Updated: Feb 25, 2020
Scrum is an Agile concept which was originally designed to enable IT developers to manage complex software and product development. We apply an adapted version of the Scrum process in our Accountability Excellence programme, and through much of our other work, as we believe it is an effective way to improve your performance by tracking your tasks to completion. It is also an excellent tool to help develop an Accountability Mindset.
Prior to using Scrum, our Accountability Excellence framework enables you to clarify, categorise and prioritise your tasks. We help you manage your personal energy levels to give you the best chance of successfully completing your prioritised tasks, and provide a planning framework that enables you to achieve clarity on the requirements of each task.
Once you know what needs to be done, when and by whom, and what the potential risks might be, you can break your tasks down by week across a 30-day sprint, using one Scrum board per week to track your tasks. Our Scrum board contains five columns:
To Do – all key tasks for the week. You can set this up on a Friday with your tasks for the following week.
Not started – tasks for the following day, i.e. Monday’s tasks at the beginning of the week.
In Progress – tasks are moved here when you start working on them.
Impediment – if the task gets stuck and can’t be completed, an impediment review is required to understand how to get the task back on track. If new tasks are required as a result of an impediment review, they can be placed in the ‘To Do’ column.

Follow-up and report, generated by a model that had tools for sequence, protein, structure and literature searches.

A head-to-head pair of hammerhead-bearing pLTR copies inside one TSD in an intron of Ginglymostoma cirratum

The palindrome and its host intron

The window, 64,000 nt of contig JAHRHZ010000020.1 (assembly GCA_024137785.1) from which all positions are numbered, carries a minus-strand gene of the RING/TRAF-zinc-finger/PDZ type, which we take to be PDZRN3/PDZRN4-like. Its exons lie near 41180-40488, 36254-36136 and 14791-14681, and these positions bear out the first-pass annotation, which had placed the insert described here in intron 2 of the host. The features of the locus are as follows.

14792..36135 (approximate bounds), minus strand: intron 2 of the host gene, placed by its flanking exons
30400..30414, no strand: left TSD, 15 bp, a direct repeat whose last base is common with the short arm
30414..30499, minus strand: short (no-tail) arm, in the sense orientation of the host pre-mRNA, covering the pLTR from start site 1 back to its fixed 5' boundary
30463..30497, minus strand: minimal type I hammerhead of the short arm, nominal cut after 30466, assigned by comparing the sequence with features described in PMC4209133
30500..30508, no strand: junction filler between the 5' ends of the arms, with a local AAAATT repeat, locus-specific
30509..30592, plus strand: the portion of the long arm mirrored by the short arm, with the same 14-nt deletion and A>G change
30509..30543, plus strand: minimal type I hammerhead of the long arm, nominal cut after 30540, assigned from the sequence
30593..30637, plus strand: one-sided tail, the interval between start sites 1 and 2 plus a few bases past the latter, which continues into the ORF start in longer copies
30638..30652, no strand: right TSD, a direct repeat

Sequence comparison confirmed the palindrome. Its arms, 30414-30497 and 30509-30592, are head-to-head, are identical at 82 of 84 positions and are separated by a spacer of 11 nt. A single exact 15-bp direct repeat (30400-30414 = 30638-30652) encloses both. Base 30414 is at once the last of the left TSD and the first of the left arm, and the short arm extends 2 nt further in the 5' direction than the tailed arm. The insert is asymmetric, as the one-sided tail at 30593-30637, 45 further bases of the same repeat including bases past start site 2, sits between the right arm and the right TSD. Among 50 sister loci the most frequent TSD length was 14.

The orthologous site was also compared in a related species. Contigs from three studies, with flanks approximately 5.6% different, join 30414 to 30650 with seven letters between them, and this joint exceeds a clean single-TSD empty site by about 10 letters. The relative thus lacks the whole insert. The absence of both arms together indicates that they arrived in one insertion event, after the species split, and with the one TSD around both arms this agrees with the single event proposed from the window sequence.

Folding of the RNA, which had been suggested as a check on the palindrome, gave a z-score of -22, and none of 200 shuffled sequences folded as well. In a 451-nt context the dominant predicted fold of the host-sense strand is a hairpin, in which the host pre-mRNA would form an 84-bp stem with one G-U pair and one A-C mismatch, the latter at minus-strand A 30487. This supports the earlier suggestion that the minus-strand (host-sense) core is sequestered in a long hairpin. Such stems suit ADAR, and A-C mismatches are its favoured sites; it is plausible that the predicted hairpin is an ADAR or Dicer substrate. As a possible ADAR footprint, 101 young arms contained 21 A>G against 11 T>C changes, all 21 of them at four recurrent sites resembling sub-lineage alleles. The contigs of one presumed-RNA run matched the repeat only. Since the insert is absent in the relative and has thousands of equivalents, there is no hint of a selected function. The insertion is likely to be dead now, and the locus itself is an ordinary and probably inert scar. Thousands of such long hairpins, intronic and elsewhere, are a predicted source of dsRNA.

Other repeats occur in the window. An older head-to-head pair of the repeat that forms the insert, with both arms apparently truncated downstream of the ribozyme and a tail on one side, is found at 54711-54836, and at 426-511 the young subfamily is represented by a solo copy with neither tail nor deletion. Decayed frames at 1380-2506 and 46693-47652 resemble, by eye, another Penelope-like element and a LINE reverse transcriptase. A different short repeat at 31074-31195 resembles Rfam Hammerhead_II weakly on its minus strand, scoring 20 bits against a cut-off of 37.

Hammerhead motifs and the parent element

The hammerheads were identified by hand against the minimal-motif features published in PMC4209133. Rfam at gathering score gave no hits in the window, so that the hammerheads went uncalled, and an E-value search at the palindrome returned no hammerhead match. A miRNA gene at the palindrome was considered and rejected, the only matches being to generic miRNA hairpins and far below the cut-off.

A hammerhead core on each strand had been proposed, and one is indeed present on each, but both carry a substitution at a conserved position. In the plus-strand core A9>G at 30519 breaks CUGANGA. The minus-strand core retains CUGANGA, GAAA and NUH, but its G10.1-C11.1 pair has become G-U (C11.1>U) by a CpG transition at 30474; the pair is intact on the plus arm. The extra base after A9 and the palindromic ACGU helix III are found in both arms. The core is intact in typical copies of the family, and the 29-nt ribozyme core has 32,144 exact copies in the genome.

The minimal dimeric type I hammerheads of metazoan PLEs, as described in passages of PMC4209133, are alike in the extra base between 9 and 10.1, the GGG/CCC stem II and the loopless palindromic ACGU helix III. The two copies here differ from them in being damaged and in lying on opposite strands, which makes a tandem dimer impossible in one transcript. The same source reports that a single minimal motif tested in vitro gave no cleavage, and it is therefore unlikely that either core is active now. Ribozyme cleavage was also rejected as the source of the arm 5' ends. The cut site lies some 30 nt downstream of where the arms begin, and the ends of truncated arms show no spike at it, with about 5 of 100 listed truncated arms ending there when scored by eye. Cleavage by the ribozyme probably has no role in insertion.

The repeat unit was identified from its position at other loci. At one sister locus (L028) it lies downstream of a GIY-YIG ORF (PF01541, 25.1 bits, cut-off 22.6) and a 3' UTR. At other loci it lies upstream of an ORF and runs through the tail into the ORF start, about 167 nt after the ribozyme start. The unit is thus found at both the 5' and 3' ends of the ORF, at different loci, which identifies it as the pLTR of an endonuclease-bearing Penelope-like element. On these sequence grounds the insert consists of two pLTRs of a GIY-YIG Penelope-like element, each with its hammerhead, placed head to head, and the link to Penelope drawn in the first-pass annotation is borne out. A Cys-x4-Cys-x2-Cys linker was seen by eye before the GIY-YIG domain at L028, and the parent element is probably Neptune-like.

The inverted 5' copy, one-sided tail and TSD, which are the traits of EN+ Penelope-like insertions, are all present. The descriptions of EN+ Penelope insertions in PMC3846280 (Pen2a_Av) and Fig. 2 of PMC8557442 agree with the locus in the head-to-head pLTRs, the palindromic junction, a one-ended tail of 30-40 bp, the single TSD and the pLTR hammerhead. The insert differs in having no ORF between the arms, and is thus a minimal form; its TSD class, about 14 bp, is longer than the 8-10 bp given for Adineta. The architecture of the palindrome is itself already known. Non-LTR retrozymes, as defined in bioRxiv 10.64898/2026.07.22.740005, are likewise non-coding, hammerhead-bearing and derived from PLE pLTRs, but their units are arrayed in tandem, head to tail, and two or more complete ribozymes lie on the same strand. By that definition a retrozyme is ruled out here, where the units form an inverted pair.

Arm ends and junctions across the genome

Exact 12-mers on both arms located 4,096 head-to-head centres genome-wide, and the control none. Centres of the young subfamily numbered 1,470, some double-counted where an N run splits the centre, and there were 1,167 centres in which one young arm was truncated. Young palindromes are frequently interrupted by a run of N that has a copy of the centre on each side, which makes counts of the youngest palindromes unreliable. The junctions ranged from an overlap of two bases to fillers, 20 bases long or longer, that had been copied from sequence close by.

Done – the task has been successfully completed.
Sticky or static notes are moved from left to right across each row of the Scrum board. Tasks can have one single note or may be divided into sub-tasks that are required to meet the overall task goal. Additional notes can be introduced if an impediment arises, with the resolution of the impediment being created as a new task.
The ideal outcome for a Scrum chart would be for all tasks to be completed on time and so, at the end of the day, the chart will have only empty boxes in the In Progress and Impediment columns.
However, stuff happens. Sometimes things do not get started and stay in the Not Started column, and sometimes they start but get stuck and are not finished on time so they would remain In Progress. In these situations, an Impediment review would be carried out. The purpose of the impediment review is to understand why the task has not been completed on time, who is able to get it back on track and how it can be resolved.
The use of a Scrum board, coupled with regular 10-15-minute Scrum meetings (also referred to as a ‘stand-up’ or ‘huddle’), allows an individual or team to track progress on a task-by-task basis, identifying whether tasks are on target for completion or whether any impediments are thwarting progress. Huddles are designed to provide concise updates and accountability for your tasks; although you may raise an impediment and signal that you require help, the huddle itself is not the place to resolve it. It is best to identify who can help and arrange to discuss the issue with them away from the huddle.
For a 30-day sprint, we recommend holding daily huddles as this will help you to create a habit of tracking tasks and build your accountability muscles. These can be between you and your manager, your team or an accountability coach.
A facilitated reflection at the end of the week will enable you to boost the learning from your experience.